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Is the RSV immunization available for infants?

Vanessa L. Hill, MD, FAAP


Parents, you may be hearing that hospitals and pediatrician offices in your area have a shortage or limited supply of the new respiratory syncytial virus (RSV) shot for infants. But with thousands more infant doses on the way, they should soon be more readily available.

The RSV immunization, called nirsevimab, was recommended by the Centers for Disease Control and Prevention and the American Academy of Pediatrics in the fall 2023. The immunization helps prevent serious RSV infection in babies who are at the most risk. This was exciting news since we know that RSV is the most common cause of hospitalization in infants under age 1 year.

Is there still a shortage of the RSV shot for babies?

During the 2023-2024 RSV season, most of the U.S. has been affected by a limited supply of nirsevimab. Many pediatricians found they were not able to order it or could only order a limited supply.

Recently, the CDC announced that more doses of nirsevimab are expected to become available and everyone who is eligible should get it right away. However, you should know that some communities have it while others do not.

Here's the latest information you need to know about this new RSV shot for babies.

Does my baby need the RSV shot?

Nirsevimab is recommended for infants younger than 8 months of age who are born during—or who are entering—their first RSV season. Nirsevimab is also recommended for some children age 8 through 19 months who are at increased risk for severe RSV disease and entering their second RSV season.

If nirsevimab is still in short supply in your community, it will be offered to infants and toddlers who are at the most risk of serious illness from RSV. This includes babies who:

  • Identify as American Indian and Alaska Native (AI/AN) and are younger than age 8 months.
  • Are age 6 through 7 months and have an existing medical condition that places them at highest risk of serious illness from RSV.
  • Are age 8 through 19 months and identify as AI/AN and live in a remote region.
  • Weigh less than 11 pounds.
  • Are younger than 6 months old and weigh more than 11 pounds.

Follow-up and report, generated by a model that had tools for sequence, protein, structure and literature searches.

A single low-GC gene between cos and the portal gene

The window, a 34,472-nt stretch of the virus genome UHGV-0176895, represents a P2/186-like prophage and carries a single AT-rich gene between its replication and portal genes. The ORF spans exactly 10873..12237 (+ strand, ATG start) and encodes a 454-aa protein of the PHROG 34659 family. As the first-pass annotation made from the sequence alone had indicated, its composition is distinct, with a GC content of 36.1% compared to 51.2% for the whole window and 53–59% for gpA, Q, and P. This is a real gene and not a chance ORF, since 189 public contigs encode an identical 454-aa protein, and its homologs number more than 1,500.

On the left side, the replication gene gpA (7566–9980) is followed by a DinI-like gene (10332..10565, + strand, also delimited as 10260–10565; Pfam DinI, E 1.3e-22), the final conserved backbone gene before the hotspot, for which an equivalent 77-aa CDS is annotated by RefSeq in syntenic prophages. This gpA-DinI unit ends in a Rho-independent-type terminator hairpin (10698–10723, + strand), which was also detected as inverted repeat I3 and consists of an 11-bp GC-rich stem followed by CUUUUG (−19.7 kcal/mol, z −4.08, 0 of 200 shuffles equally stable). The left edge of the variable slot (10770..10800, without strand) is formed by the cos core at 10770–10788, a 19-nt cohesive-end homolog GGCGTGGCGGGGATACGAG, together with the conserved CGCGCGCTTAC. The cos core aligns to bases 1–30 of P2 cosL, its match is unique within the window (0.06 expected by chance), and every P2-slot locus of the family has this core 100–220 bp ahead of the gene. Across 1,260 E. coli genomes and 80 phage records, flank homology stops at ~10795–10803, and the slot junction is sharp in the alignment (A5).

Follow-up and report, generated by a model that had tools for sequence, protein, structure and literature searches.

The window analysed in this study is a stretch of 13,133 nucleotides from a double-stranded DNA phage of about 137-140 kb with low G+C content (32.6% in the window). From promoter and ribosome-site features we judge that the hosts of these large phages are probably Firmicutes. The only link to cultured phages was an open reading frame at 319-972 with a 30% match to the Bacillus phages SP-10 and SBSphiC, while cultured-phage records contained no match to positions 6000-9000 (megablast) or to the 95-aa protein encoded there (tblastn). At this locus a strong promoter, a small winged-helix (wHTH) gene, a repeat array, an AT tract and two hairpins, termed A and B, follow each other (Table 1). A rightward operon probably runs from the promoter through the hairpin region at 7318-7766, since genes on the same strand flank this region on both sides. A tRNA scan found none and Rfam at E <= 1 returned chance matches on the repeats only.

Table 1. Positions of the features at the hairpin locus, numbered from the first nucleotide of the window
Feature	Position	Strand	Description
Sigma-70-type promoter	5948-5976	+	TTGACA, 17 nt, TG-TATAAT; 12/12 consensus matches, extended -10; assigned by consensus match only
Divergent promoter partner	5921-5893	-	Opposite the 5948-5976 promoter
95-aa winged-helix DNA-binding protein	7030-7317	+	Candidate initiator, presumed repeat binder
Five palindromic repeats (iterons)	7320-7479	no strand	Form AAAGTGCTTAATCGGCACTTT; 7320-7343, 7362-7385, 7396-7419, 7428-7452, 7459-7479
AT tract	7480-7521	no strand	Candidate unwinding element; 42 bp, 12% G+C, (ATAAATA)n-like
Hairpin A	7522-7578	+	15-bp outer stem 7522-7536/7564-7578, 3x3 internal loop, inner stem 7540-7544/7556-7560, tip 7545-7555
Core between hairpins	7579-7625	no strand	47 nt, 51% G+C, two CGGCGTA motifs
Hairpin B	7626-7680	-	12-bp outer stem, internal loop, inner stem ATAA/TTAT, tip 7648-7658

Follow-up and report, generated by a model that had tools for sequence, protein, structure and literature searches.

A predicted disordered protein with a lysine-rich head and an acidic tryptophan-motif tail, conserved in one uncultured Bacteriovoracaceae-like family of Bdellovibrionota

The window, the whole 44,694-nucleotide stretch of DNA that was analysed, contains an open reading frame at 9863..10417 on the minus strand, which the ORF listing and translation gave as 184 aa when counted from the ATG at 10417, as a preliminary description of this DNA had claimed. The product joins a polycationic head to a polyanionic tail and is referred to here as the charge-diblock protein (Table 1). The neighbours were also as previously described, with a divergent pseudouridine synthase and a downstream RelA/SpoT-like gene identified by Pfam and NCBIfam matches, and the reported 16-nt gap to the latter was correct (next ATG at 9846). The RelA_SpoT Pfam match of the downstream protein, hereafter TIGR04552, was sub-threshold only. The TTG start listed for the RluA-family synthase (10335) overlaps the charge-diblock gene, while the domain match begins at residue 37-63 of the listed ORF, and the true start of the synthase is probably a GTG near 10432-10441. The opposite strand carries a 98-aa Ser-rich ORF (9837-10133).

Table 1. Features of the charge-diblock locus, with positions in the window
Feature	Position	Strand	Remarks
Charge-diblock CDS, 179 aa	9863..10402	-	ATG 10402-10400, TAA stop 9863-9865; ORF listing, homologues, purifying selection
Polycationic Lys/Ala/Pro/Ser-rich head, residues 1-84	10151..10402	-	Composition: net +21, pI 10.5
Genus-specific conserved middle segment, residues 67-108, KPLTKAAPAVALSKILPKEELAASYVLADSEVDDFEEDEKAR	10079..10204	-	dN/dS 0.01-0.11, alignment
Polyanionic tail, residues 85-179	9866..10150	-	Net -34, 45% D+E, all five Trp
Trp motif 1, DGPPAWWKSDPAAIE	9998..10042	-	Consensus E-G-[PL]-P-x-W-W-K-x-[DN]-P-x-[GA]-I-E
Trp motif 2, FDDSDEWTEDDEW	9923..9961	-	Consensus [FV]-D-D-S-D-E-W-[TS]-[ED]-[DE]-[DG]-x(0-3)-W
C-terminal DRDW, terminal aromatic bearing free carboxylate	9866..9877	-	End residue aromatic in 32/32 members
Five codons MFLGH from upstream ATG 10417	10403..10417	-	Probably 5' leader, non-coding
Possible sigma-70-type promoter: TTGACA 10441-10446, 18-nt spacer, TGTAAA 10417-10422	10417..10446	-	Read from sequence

Here are some other ways to keep babies healthy this RSV season.

What can I do to protect my baby if they can't get an RSV shot?

If you are pregnant and your baby will be born during RSV season, you can get an RSV vaccine (Abrysvo) at any time between 32 and 36 weeks of pregnancy. When you get the RSV vaccine during pregnancy, you pass the antibodies to your baby, so they are protected after they are born. It takes about 14 days for the immune protection from the vaccine to pass through the placenta to your baby.

If you received the new RSV shot during your pregnancy, your baby most likely is protected from RSV this season.

If your baby or toddler is at higher risk from RSV, they may be eligible for a different RSV immunization called palivizumab.

Additional ways to help protect your baby from RSV and other colds include washing your hands and minimizing time in or exposure to indoor crowds.


Pediatricians are eager to have new and better ways to protect their youngest patients from severe RSV infection, hospitalization and death.

Next RSV season, we hope all infants and toddlers who need it have access to the new immunization. Parents will have a choice in how they protect their babies: RSV vaccine during pregnancy or the immunization for their baby after they are born. Talk with your pediatrician about ways to prevent serious illness from RSV.

More information

Vanessa L. Hill, MD, FAAP

Vanessa L. Hill, MD, FAAP, is an Associate Professor of Pediatrics at Baylor College of Medicine and Medical Director of Utilization & Resource Management at CHRISTUS Children’s in San Antonio, Texas. Her clinical research and interests are in bronchiolitis and asthma in pediatric hospital medicine.​​​

Last Updated
American Academy of Pediatrics (Copyright @ 2023)
The information contained on this Web site should not be used as a substitute for the medical care and advice of your pediatrician. There may be variations in treatment that your pediatrician may recommend based on individual facts and circumstances.
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